Although their names are similar and they are both important for digestion and overall health, prebiotics and probiotics play different roles in the body. For optimal gut health, here is a breakdown of prebiotics vs. probiotics.
Prebiotics vs. Probiotics: What are they?
Prebiotics are a special form of indigestible plant fiber found in fiber-rich carbohydrate foods such as vegetables, fruits, and whole grains. Prebiotic fiber is able to pass through the digestive tract untouched until it reaches the colon, where it is used as a source of food to encourage the growth of the friendly bacteria in our gut, also known as probiotics.
Probiotics are tiny microorganisms, including live bacteria and yeast, that live in our gut and are beneficial for health. The different strains of probiotic bacteria support the diverse population of healthy microbes in our gut. Probiotics occur naturally in fermented foods such as yogurt, sauerkraut, and miso, and can also be found in supplement form.
Together, prebiotics and probiotics build and maintain a healthy colony of bacteria in our gut, which supports our overall health.
Benefits of Prebiotics and Probiotics
Prebiotics and probiotics play an integral role in digestion and gut health. There are trillions of bacteria and microorganisms, including probiotics, that live in our gut and are collectively referred to as the gut flora or gut microbiota and play vital functions in the body and influence our overall health. Research shows that probiotics promote a healthy balance of gut bacteria and have been shown to benefit a wide range of health issues including digestive disorders such as diarrhea, constipation, IBS and IBD, immune health, mental health, skin conditions, allergies, and weight loss. (1) Given that prebiotics are the natural food for probiotics, consumption of prebiotics can help to contribute to a healthy balance of probiotic bacteria in our gut. Prebiotic foods are good sources of nutrients and fiber, which themselves have numerous health benefits.
What foods contain prebiotics and probiotics?
Common forms of prebiotics include fructooligosaccharides and galactooligosaccharides, which are found in certain fiber-rich carbohydrate foods. Inulin is the most common fructooligosaccharide and is found in a wide variety of plant foods. Prebiotics-rich foods include specific vegetables, fruits, grains, and roots:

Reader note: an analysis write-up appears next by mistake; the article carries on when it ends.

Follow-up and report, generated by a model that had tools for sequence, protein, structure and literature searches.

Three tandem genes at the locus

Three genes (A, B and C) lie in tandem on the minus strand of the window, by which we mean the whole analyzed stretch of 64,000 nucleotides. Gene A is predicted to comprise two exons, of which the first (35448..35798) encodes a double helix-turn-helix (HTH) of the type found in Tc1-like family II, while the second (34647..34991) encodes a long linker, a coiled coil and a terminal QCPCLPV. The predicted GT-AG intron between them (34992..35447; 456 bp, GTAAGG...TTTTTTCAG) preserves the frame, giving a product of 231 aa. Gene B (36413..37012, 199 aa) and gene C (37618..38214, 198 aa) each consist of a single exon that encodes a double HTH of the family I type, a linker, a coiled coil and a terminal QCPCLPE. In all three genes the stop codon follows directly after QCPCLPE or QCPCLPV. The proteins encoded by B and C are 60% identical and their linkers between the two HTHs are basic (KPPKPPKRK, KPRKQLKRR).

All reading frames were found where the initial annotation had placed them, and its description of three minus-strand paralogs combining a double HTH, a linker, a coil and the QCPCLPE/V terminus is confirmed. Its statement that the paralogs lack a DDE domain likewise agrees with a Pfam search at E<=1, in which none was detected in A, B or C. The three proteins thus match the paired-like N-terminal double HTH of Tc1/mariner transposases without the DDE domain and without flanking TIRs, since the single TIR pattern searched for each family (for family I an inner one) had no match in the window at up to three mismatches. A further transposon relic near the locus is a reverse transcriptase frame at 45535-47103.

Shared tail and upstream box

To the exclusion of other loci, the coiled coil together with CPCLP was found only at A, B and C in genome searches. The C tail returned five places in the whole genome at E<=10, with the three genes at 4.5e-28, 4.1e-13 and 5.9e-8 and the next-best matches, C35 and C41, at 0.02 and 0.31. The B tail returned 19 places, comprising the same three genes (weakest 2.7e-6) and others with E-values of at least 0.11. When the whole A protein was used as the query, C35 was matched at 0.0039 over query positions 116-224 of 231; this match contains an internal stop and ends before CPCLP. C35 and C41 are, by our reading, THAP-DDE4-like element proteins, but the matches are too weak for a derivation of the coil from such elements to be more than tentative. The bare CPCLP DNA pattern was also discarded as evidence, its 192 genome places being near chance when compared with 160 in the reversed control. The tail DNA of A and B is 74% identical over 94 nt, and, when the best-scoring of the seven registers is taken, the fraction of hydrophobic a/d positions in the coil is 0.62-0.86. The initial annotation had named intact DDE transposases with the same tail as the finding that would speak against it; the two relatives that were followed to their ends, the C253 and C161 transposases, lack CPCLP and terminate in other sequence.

- Jerusalem artichoke
- Chicory root
- Dandelion root
Probiotic foods are made via fermentation; a natural method of food preservation that was used by various cultures for centuries. The process of fermentation allows bacteria, yeast, or fungi to convert the natural sugars found in foods (glucose, fructose, and sucrose) into lactic acid, which creates beneficial bacteria, probiotics, in the process. Some fermented probiotic-rich foods include:
Prebiotic vs. Probiotic Supplements
In addition to foods, both prebiotics and probiotics can be found in supplement form. Probiotics supplements can be found in pill or powder form at major grocery stores, health food stores, and pharmacies. Although they are readily available, not all brands and formats are created equal so it is important you do your research or speak to a health professional to determine what type of bacteria will work best for you. Prebiotics can also be found in supplement form, however, prebiotic fiber is much more readily available in food than probiotic bacteria through a conventional diet.
The Bottom Line
Probiotics are living strains of bacteria that populate the beneficial bacteria in our digestive tract, while prebiotics are a special form of indigestible plant fiber that act as food for probiotics. Maintaining a good balance of gut bacteria, or a healthy microbiome, is essential for overall health and has been shown to have numerous health benefits. For optimal gut health, is it important to consume prebiotics and probiotics, both of which can be found in food and supplement form.